Monday 5 December 2016

Comment: South African inspires Joe Schmidt's lions of spring

Published 07/02/2016 | 17:29

CJ Stander, Ireland, is tackled by Sam Warburton, Wales.
CJ Stander, Ireland, is tackled by Sam Warburton, Wales.

A cartographer mapping CJ Stander’s rise could hardly be faulted for simply retracing the trajectory of a sky rocket, engines ablaze, shooting skyward from the Cape Canaveral launch-pad.

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With a single precipitous upward flourish of pen upon paper, the atlas of Stander’s jaw-dropping international take-off would be complete.

A stratospheric Ballsbridge ascent ushered the Munster captain to new terrain at the northern pole of the old game’s hierarchy.

And in so doing he helped to airlift his adopted nation from the pit of World Cup despair.

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A stunning opening salvo from Stander felt like an eviction notice to the virus of negativity that has been squatting in Irish rugby’s soul since the autumn.

Liam Williams is tackled by Rory Best and Jamie Heaslip,
Liam Williams is tackled by Rory Best and Jamie Heaslip,

If the World Cup brutally exposed the myth of Joe Schmidt's side residing among the game’s aristocracy, Stander magnificently railed against any ebbing of Ireland's Six Nations imperium.

The anti-climatic nature of a draw, of course, is hardly the fix the adrenaline junkies crave.

Ireland's Andrew Trimble is tackled by Wales' Alun Wyn Jones during the 2016 RBS Six Nations match at the Aviva Stadium
Ireland's Andrew Trimble is tackled by Wales' Alun Wyn Jones during the 2016 RBS Six Nations match at the Aviva Stadium

It immediately steals the dream of a Grand Slam; Triple Crown ambitions, too, are stillborn; additionally an epic, absorbing, exhausting contest left the Irish changing room resembling A&E room.  And that just six days before they return to the championship battlefield in Paris.

So it was an entirely understandable that Schmidt spoke immediately afterwards of a sense of deflation.

Yet there was, at least, the feeling of a team reconnecting with its public after so much of that bond was amputated by the World Cup misadventure.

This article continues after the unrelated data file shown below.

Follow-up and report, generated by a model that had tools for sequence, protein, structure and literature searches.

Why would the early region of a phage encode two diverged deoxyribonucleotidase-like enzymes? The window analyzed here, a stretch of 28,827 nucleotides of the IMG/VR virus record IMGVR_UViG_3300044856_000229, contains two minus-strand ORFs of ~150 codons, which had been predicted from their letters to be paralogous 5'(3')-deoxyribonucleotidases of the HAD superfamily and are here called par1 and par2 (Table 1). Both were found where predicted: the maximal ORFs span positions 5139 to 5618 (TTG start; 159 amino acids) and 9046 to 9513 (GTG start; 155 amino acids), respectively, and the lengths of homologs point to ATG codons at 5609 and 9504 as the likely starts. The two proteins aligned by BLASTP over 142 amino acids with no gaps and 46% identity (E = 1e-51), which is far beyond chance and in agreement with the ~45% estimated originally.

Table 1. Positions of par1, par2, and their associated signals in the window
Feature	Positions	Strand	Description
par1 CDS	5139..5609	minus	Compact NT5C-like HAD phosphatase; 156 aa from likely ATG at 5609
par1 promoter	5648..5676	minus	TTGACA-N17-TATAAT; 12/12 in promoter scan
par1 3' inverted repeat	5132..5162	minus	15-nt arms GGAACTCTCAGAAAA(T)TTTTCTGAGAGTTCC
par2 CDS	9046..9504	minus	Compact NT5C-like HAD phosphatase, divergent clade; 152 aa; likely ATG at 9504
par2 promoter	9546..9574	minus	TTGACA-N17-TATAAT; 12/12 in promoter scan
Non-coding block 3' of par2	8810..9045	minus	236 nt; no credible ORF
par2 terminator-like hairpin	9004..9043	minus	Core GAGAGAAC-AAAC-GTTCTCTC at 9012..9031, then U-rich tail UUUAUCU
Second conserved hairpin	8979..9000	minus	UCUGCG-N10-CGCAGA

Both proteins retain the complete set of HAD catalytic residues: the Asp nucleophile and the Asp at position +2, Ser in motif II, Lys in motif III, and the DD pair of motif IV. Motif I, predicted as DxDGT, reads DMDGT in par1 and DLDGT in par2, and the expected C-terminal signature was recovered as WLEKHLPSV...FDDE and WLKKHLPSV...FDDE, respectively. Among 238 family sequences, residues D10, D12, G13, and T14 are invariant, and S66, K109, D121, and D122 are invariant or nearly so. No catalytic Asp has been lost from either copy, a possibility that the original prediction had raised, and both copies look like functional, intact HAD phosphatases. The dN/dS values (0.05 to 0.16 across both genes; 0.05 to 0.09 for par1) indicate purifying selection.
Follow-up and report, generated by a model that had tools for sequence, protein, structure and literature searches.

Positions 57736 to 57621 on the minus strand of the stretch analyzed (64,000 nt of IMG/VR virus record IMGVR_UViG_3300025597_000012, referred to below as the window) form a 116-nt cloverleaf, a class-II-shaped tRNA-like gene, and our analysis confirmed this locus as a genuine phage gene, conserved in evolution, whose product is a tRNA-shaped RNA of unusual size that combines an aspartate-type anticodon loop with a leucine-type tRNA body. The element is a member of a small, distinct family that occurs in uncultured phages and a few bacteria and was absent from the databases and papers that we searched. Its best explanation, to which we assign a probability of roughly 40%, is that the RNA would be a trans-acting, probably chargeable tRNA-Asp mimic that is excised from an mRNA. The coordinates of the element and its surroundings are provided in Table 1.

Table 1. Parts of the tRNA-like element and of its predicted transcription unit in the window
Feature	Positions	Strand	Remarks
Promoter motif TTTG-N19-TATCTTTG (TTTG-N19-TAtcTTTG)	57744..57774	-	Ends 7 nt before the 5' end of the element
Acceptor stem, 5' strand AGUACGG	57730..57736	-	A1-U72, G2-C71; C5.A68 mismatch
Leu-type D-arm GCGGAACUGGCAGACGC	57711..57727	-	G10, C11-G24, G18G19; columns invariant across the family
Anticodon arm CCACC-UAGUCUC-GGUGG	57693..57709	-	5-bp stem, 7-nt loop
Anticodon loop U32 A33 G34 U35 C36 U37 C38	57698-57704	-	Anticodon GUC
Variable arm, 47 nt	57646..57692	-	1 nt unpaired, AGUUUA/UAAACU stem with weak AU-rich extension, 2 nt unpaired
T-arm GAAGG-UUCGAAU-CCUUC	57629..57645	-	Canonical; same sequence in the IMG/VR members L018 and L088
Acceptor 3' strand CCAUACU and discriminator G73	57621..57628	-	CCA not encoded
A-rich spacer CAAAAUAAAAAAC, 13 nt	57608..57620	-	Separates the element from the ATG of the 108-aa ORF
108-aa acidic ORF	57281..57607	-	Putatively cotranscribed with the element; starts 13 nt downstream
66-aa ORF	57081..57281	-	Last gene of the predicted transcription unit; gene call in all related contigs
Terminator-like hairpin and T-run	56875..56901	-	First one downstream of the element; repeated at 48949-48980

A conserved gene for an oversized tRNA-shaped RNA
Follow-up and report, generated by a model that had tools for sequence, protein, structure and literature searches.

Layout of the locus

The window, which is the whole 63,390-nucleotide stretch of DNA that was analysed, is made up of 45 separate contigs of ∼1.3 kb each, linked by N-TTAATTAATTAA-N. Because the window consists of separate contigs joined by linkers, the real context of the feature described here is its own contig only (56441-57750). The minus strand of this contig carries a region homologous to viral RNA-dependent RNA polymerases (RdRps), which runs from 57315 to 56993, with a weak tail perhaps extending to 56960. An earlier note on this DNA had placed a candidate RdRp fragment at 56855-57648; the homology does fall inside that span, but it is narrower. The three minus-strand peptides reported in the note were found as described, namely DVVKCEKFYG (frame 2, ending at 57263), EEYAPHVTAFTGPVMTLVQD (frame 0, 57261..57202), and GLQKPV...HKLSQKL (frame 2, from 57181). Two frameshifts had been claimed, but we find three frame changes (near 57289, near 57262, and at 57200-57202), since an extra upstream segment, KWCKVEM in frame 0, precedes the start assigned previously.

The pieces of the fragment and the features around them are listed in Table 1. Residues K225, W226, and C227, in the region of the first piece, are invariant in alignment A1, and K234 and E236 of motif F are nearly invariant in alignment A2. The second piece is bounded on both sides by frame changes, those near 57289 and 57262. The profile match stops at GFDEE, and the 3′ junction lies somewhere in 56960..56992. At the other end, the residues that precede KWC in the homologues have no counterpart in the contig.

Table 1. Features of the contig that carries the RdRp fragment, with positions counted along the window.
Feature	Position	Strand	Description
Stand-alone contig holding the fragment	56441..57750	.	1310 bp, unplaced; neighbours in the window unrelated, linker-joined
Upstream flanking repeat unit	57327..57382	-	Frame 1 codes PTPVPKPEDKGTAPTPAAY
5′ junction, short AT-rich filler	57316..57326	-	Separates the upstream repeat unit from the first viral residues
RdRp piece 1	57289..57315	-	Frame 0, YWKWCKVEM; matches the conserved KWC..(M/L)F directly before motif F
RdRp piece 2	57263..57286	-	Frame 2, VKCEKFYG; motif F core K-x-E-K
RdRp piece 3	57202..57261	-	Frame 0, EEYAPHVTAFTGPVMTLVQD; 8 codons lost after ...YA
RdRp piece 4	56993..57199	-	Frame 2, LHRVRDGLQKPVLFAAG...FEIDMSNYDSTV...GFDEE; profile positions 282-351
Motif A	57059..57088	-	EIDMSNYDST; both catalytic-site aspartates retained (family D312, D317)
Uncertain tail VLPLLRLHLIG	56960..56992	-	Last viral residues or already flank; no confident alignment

Ireland's performance was imperfect:  Failing to score for more than 40 minutes after establishing a 13-0 platform speaks of a team operating someway below its 2015 peak.

Yet an injury-depleted side reached deep down to locate some of their old defiance; there was an investment of industry, pleasingly flourishes of invention, bucket loads of defiance.

Stripped of those twin behemoths of charisma and achievement, Paul O’Connell and Brian O’Driscoll, jolted by the provinces' tame European meltdown, Schmidt ached for a mainspring to redirect Ireland back to the very best of themselves.

He found him in a South African who arrived in Limerick three years ago with little other than a rejection letter from his home land.  It read, bluntly, pitilessly:  Too small, won't make it.

Here Stander offered an impressive rebuke to that cheerless assessment:  He was a ball-carrying totem, a defensive Hercules, a mammoth wall of green defiance.

Stander was a tide of yearning that simply refused to ebb.  His craving was infectious.

Perhaps it was all those concussive blows taking their toll, but in recent months Jonathan Sexton has been but a shadow of the playmaker of old.

Here though the quarterback answered Ireland's hankering for a presiding genius.

Sexton inhabits the border territories where shining courage intersects with the badlands of personal disregard.  Once more he took the now compulsory blow to the head area; yet groggy and clearly in some discomfort, he slotted a high degree of difficulty penalty to seal a deserved draw.

Rob Henshaw again exhibited gifts that came to him in the cradle. Simon Zebo offered tantalising flashes of his unorthodox menace. Jamie Heaslip reminded his critics that when the mood takes him, he becomes a force of nature;  Conor Murray draped himself in the flag of a world class scrum-half.

In a contest of harrowing physicality, Ireland refused to shirk.  The consequence was a compelling contest.  At once brutal and beautiful.  One minute trench warfare, the next moving to a samba beat.

It was not enough to win, but it hinted at the rebirth of hope.    

As the nation’s bedraggled flagship listed and groaned against Argentina four months ago, it felt as if something elemental had been lost, as if Ireland’s days in the rugby sun had been consigned to history.

There were murmurings about Schmidt mislaying his Midas touch; the saintly crown of light about his person seemed not to burn so bright.

If the kick-chase philosophy that brought those back to back Six Nations titles could rarely be confused with the beautiful game, it was at least varnished with the sheen of glory.

But the Argentina debacle radically altered the narrative.

All at once unease there was a growing unease at a conservative game plan, at a failure to reseed the team with the coltish daring of Stuart McCloskey, Josh van der Flier or Garry Ringrose.

All the hope that had accompanied Ireland into the World Cup fragmented into a thousand tiny pieces.

Had Ireland lost here, the uncomfortable interrogations could have left Schmidt feeling he had been summoned before a 16th century Star Chamber.

But this performance ushered Ireland back towards terrain that for the last two Six Nations has been their natural habitat.

When the deflation of a tied game dissipates, it might be remembered as a day when Schmidt's lions of spring went a long way toward re-announcing themselves.

And when an adopted South African signposted the route back to the stars.

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